Oil Slides as OPEC+ Rejects U.S. Call For More Crude
(Bloomberg) -- Oil fell to the lowest in a month after OPEC+ agreed to only maintain its current pace of supply increases despite calls for more output, prompting speculation that the U.S. may tap its strategic reserves.
Futures in New York dropped 2.5% on Thursday in a volatile session. After a brief meeting, OPEC and its allies approved a 400,000 barrel-a-day production hike for December, a delegate said. That’s a pace that major consumer countries say is too slow to sustain the post-Covid economic recovery.
“It makes an SPR release look like a near-certainty I would say,” said Emily Ashford, an analyst at Standard Chartered.
Crude recently rallied to the highest since 2014 as an economic rebound from the pandemic combined with a supply crunch across the energy industry boosted demand. U.S. President Joe Biden has led calls from major consumers for higher OPEC+ production, but Saudi Arabia and others in the alliance pushed back, saying coronavirus outbreaks continue to threaten the market.
The U.S. said Thursday it is encouraging major oil producers to stabilize energy prices. The White House also said it is considering a range of tools to deal with oil prices, according to a National Security council spokesperson after the OPEC+ decision.
“It’s being considered an emergency, or a crisis at this point,” said John Kilduff, a partner at Again Capital LLC. “I would expect the aggressive action on the consumer side.”
Additionally, Russia’s Energy Minister Alexander Novak said Thursday that OPEC and its allies are committed to ensuring market stability and that the group has enough tools to react to a sharp demand recovery.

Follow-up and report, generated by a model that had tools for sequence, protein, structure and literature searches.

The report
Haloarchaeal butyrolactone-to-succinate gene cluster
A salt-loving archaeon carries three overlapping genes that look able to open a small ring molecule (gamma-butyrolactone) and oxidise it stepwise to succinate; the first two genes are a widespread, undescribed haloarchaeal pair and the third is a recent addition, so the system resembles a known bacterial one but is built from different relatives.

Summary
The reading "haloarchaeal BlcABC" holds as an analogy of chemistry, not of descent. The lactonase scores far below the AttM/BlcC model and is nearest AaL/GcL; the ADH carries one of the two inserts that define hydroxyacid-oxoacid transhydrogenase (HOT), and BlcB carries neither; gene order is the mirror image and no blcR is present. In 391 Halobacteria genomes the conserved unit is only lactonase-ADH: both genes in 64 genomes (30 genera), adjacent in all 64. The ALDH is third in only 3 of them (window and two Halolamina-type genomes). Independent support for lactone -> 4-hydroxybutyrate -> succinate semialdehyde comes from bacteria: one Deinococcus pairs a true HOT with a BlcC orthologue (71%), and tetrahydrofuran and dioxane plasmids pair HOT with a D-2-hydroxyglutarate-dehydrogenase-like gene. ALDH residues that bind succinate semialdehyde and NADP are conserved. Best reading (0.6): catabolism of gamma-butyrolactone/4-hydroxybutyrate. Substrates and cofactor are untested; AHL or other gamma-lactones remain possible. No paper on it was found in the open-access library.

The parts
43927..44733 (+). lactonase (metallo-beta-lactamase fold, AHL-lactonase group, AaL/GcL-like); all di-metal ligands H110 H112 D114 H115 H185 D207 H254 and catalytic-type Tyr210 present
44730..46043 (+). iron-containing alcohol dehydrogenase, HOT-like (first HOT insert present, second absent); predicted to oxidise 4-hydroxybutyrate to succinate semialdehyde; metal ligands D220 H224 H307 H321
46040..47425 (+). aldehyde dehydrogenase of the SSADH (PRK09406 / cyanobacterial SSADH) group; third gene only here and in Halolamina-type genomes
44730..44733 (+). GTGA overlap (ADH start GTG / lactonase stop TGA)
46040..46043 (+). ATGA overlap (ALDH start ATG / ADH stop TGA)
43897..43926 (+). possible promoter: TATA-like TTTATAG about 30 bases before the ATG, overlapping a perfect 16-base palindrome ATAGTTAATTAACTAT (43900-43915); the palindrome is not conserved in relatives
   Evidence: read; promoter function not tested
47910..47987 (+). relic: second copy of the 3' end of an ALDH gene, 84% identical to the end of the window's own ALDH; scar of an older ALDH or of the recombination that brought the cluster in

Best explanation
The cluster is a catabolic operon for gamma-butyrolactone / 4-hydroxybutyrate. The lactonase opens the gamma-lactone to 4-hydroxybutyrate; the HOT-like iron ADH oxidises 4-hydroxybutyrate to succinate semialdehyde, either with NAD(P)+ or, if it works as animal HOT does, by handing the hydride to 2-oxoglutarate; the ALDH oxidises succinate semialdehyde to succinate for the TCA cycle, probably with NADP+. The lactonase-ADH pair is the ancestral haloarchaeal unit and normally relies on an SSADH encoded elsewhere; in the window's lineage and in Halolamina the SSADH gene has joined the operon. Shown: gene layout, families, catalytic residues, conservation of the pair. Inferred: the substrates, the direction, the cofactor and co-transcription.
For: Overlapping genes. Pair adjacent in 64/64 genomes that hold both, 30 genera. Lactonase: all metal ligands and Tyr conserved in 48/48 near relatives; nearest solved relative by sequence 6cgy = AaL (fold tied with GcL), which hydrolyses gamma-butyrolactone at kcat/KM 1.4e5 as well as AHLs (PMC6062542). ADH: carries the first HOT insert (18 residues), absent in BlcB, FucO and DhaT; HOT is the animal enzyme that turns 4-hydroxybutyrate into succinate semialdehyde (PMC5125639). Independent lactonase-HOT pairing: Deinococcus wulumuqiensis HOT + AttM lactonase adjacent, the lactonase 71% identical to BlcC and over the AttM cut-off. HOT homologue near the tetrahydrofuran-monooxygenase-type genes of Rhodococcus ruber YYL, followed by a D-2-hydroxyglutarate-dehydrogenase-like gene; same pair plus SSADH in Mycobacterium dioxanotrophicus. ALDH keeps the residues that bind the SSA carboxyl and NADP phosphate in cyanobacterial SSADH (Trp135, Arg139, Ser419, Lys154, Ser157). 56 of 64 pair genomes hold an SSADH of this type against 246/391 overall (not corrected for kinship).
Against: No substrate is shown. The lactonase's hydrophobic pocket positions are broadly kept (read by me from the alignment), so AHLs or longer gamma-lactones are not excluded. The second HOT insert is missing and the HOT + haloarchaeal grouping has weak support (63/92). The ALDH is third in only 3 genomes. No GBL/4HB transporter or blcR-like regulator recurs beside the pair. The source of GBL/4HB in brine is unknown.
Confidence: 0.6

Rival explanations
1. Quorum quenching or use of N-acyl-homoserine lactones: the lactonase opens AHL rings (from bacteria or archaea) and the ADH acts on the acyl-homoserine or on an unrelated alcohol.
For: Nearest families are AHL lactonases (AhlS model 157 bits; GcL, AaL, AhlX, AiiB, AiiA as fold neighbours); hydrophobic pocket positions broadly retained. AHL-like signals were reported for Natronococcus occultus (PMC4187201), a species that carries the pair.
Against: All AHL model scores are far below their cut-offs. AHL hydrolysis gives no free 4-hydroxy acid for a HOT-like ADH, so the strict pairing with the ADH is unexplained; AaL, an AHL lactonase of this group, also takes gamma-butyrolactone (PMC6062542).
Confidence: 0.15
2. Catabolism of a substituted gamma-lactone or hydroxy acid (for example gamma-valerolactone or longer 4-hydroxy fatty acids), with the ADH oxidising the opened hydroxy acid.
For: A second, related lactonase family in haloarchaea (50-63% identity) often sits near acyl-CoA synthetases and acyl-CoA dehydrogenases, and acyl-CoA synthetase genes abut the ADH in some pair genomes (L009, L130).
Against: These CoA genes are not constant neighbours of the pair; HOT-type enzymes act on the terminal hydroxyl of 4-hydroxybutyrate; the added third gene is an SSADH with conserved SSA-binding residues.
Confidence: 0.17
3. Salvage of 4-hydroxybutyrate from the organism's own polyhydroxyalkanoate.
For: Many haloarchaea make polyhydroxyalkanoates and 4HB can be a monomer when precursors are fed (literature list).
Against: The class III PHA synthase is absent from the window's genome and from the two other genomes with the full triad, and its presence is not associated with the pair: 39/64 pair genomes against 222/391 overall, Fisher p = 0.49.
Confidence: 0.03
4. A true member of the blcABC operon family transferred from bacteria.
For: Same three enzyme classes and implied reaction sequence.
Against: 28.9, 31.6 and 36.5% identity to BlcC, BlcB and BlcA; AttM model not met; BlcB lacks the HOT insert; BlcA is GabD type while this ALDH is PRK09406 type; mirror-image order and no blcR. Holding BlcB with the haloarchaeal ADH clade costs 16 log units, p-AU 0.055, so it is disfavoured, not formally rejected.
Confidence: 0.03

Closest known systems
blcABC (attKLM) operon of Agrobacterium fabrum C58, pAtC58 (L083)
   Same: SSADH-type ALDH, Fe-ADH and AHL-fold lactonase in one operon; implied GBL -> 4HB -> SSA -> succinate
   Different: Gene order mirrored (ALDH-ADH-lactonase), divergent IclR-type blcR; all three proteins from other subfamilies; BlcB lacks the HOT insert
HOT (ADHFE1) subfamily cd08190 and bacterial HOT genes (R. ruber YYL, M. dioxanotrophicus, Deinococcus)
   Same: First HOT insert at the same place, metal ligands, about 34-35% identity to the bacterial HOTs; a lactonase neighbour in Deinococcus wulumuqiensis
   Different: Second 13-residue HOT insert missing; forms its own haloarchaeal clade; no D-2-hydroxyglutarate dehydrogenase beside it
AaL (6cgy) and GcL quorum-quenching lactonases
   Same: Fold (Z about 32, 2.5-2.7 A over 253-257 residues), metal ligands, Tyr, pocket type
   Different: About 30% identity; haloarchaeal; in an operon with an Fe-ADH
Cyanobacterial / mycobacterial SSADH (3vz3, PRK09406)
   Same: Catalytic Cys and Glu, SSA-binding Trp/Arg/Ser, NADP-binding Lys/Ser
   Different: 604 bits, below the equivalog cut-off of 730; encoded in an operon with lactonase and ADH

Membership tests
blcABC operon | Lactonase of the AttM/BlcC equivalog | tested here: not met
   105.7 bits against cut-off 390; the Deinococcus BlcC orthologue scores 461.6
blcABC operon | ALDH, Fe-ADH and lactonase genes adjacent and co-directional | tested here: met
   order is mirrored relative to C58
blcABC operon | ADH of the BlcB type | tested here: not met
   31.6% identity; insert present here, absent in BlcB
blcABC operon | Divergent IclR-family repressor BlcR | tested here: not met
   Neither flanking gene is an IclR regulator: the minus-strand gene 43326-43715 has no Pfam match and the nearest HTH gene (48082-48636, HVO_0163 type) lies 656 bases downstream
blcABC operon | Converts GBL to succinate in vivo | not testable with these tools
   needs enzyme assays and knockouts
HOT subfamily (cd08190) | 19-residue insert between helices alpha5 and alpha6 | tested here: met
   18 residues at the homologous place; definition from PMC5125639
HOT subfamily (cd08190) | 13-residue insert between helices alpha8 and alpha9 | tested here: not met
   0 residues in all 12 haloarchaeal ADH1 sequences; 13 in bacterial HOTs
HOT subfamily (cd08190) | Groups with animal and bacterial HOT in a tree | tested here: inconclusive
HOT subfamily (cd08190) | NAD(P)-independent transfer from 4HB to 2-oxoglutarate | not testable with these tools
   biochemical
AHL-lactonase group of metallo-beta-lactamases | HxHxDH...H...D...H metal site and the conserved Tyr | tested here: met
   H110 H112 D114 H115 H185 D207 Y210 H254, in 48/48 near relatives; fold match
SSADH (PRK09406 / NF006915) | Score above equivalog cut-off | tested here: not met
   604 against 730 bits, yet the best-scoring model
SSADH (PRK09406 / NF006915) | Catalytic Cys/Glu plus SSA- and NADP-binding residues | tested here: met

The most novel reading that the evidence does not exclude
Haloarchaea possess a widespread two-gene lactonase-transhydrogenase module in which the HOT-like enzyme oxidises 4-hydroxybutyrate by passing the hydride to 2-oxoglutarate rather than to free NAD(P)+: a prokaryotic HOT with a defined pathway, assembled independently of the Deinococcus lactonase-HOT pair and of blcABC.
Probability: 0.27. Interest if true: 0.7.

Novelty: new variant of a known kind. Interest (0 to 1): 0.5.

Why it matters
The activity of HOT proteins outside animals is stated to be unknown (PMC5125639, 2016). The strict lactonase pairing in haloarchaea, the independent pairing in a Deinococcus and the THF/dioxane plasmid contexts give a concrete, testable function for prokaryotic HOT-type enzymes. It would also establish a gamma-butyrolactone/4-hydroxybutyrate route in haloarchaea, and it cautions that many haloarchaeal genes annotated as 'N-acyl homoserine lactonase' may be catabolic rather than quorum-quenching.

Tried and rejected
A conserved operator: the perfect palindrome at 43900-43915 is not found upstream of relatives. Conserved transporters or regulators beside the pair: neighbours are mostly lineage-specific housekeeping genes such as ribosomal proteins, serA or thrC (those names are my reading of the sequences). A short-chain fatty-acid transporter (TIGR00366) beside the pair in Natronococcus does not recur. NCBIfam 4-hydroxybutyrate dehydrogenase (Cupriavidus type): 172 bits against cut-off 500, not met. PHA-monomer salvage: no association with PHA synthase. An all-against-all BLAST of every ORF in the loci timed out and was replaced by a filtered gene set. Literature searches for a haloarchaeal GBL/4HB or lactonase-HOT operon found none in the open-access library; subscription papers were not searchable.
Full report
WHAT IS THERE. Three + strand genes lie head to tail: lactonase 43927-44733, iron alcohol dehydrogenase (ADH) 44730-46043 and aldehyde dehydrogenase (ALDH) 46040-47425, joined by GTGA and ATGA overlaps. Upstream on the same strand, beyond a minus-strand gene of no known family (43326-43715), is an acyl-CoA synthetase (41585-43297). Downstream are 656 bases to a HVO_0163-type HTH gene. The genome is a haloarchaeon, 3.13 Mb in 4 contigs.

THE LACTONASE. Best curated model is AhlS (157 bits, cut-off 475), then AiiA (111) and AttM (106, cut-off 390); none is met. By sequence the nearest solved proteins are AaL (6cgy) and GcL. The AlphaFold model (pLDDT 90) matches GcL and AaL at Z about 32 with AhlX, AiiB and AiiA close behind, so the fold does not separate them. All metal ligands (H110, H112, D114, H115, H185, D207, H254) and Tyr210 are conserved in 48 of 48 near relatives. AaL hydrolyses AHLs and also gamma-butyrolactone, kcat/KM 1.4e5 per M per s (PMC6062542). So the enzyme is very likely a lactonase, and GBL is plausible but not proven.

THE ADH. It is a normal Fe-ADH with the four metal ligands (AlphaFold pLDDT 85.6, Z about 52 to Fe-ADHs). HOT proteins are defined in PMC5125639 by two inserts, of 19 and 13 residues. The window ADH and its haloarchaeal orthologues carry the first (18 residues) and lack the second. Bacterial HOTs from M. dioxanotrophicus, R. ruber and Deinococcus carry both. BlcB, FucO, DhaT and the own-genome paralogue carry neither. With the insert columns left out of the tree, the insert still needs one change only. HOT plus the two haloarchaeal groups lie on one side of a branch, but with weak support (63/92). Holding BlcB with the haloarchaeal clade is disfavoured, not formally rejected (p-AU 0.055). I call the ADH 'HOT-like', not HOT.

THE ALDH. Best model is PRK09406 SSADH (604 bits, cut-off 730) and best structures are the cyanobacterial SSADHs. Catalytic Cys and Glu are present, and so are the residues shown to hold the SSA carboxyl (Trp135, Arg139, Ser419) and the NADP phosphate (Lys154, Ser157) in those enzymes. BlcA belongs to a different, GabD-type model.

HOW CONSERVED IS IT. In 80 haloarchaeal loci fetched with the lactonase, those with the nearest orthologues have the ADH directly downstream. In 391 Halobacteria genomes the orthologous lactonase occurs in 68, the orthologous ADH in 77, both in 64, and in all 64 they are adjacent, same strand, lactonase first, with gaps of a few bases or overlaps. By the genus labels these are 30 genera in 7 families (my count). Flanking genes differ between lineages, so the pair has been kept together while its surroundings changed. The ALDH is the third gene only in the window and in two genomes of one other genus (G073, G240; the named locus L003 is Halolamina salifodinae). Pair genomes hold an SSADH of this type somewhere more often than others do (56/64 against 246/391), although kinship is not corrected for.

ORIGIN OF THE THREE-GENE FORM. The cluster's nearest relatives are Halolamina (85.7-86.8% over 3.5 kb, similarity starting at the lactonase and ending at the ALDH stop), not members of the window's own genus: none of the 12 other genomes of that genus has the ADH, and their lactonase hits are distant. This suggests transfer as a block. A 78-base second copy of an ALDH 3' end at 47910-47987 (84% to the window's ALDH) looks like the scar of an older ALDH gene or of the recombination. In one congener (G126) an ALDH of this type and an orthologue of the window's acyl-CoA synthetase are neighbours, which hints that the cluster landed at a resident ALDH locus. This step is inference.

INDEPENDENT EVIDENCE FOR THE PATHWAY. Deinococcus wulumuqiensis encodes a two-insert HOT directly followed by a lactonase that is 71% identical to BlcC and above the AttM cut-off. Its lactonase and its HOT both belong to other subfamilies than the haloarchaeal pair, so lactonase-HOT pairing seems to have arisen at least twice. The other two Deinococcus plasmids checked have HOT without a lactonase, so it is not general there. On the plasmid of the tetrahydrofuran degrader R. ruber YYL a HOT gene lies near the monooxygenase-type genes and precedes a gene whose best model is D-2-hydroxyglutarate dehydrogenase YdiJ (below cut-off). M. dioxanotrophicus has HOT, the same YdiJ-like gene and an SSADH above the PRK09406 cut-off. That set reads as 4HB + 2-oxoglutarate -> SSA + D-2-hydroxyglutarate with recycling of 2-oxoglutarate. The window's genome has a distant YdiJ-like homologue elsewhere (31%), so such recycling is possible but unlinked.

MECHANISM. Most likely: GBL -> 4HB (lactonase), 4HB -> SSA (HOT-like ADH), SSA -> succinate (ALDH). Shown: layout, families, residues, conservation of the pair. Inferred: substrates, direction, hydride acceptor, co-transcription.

What happens in the coming weeks will have major implications for a global economy that has been battered by high energy prices, and for the domestic political agenda of a U.S. president whose popularity is sinking as inflation rises. The showdown also puts further strain on America’s increasingly fragile relationship with its strongest Middle Eastern ally -- Saudi Arabia.
“If you released 60 million barrels from the SPR, now you’re looking at maybe $3 a downside,” said Rebecca Babin, senior energy trader at CIBC Private Wealth Management. “What’s starting to get priced in is the fact that the Biden administration painted themselves a little bit in a corner where they have to do something in response to OPEC not doing anything.”
Meanwhile, inventories at Cushing, Oklahoma, the delivery point for benchmark U.S. crude futures, rose by about 1.04 million barrels in the week through Nov. 2, according to traders citing data from Wood Mackenzie on Thursday. That’s a stark reversal after weeks of supply declines.
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